News & Analysis

Once again left with no government, Kosovo’s future is increasingly unclear

emerging europe albin kurti kosovo prime minister

The Kosovo government fell on March 25, after only a little over two months in power. Analysts are now concerned that continued crises within the fledgling nation could obstruct the formation of necessary democratic institutions and bring a halt to much needed economic reforms.

The controversial no-confidence vote which brought down the government of Albin Kurti – held in the middle of the coronavirus outbreak – means that Kosovo once again has an interim executive with Mr Kurti an acting prime minister.

The crisis has brought into focus the increasing tensions between the many stakeholders in Kosovo’s future. The United States Special Envoy for Serbia and Kosovo Richard Grenell and US Ambassador to Kosovo Philip Kosnett supported the no-confidence vote. Representatives from the European Union opposed it.

“The US attitude has been very imposing and punishing on Kosovo, generating a conflicting political climate leading to the downfall of a government in which high hopes had been placed. A series of reforms to build and consolidate the democratic institutions of Kosovo, as well as the economy, needed to give citizens the chance to build a future in their own country and not elsewhere, will certainly not take place,” says Isilda Mara, country expert for Albania and Kosovo at the Vienna Institute for International Economic Studies (wiiw).

One of the issues that led to the government’s fall was its handling of the 100 per cent import tariffs levied on all goods from Serbia and Bosnia and Herzegovina. These were instituted in 2018 as a response to Serbia’s campaign to persuade other countries to revoke their recognition of Kosovo’s independence, and blocking Kosovo’s path towards Interpol membership.

Mr Kurti lifted part of the import duties – for raw materials – while leaving others in place.

The United States has been pressuring Kosovo to lift the tariffs completely with Mr Grenell stating in March that economic development cannot move forward until they are abolished.

But Isilda Mara at wiiw points out that economic indicators might suggest otherwise.

“The tariffs, certainly, are more than an economic instrument, they are political. Economic indicators, such as the volume of exports to Serbia and imports to Kosovo, or even inflationary trends, do not suggest that the tariffs have had a negative impact on the economies of either country,” she tells Emerging Europe.

Furthermore, pressure from the United States on Kosovo has put the country in an inferior negotiating position.

“If removing the tariffs is easily observable, the same cannot be said about Serbia’s commitment to stop lobbying for the de-recognition of Kosovo. So the US calling on Kosovo to abolish unconditionally the 100 per cent tariff certainly puts Kosovo in an inferior position. It was the refusal of Kosovo to take up this inferior position that brought down the Kurti government,” she continues.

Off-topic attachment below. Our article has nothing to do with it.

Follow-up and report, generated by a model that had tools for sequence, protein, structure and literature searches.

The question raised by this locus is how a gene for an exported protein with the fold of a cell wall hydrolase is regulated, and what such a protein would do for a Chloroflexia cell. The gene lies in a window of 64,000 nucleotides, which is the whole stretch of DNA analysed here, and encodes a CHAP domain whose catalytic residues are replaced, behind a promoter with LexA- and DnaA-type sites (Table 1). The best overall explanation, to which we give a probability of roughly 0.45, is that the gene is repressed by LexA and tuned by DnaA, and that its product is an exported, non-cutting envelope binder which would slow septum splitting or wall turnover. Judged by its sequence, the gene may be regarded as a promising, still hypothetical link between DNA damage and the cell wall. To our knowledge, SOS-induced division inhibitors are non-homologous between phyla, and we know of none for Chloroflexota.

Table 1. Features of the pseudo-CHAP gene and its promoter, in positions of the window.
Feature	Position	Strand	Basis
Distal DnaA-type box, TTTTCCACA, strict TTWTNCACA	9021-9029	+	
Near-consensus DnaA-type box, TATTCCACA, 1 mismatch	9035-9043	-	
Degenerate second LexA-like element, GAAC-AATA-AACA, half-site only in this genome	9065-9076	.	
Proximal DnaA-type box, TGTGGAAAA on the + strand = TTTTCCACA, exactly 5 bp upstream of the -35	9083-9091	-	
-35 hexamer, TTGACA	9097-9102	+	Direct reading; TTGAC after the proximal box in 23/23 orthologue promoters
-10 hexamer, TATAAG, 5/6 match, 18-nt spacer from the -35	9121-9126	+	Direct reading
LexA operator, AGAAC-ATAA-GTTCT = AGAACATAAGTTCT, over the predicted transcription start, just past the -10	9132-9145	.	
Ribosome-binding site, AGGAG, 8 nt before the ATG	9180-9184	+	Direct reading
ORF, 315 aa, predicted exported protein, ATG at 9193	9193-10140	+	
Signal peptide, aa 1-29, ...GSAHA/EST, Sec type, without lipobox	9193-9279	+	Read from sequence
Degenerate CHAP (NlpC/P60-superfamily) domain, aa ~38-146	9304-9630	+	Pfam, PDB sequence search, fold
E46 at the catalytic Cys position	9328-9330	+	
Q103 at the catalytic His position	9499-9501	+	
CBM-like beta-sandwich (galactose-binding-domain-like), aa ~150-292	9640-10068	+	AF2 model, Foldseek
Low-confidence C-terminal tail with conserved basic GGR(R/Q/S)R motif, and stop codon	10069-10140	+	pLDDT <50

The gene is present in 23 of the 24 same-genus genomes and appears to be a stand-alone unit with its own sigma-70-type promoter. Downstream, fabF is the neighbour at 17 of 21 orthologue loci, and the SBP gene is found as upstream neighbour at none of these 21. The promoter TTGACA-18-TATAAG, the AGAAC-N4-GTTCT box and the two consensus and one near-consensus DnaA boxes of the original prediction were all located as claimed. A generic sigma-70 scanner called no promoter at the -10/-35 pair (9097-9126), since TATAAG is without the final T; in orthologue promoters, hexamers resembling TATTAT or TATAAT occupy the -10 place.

“Indeed, the aggressiveness of Kosovo’s main ally is harmful not only Kosovo’s internal and external stability but also to strategic investments in Kosovo. Therefore, under such conditions the EU should change tactics and strategies in dealing with Kosovo and take a more active role in ensuring stability and economic prosperity not only for Kosovo but for the whole region,” Ms Mara adds.

During a meeting last week to plot a path towards a future Kosovo government, representatives from the country’s largest party, Vetëvendosje, including Mr Kurti, accused the United States of having a secret plan to revive a land swap idea first mooted by Kosovo’s president, Hashim Thaçi, last year. His Serbian counterpart Aleksander Vučić is believed to be receptive to the idea.

As part of the deal, the Presevo Valley in southern Serbia, where the population is mostly ethnic Albanian, would join Kosovo. In return, Serbia would re-establish full control over the majority ethnic-Serb area of Kosovo to the north of the River Ibar, which runs through the heart of the city of Mitrovica. The EU is wholly opposed to the idea, fearing it could reawaken other border disputes in the Western Balkans.

However, Mr Grenell and Mr Kosnett have said in a joint statement that there are no secret plans, although some regional experts are not so convinced.

“The hand of the United States is clearly visible in the downfall of Albin Kurti’s government in Kosovo. While the central EU states tried to avert the vote of confidence, the US publicly stood aside, and there is every reason to believe that they privately offered incentives to the [Democratic League of Kosovo] LDK to abandon the coalition,” Professor Eric Gordy, from University College London, tells Emerging Europe.

“The success in removing Kurti represents a short-term victory for Grenell, Thaçi and [Aleksander] Vučić. In the longer term it will be costly. The United States risks losing its reputation as a reliable partner for Kosovo, and with that its ability to influence events in the future. And the chances for a sustainable agreement between Kosovo and Serbia have been reduced by abandoning serious negotiations for a borderland swap,” he adds.

President Thaçi will meet with Mr Kurti to discuss forming a new government this week. According to the Kosovan constitution the president must first offer the party with the most seats in parliament the chance to form a government. Only then may he approach other possible candidates.

It could be sometime before Kosovo has a new government.

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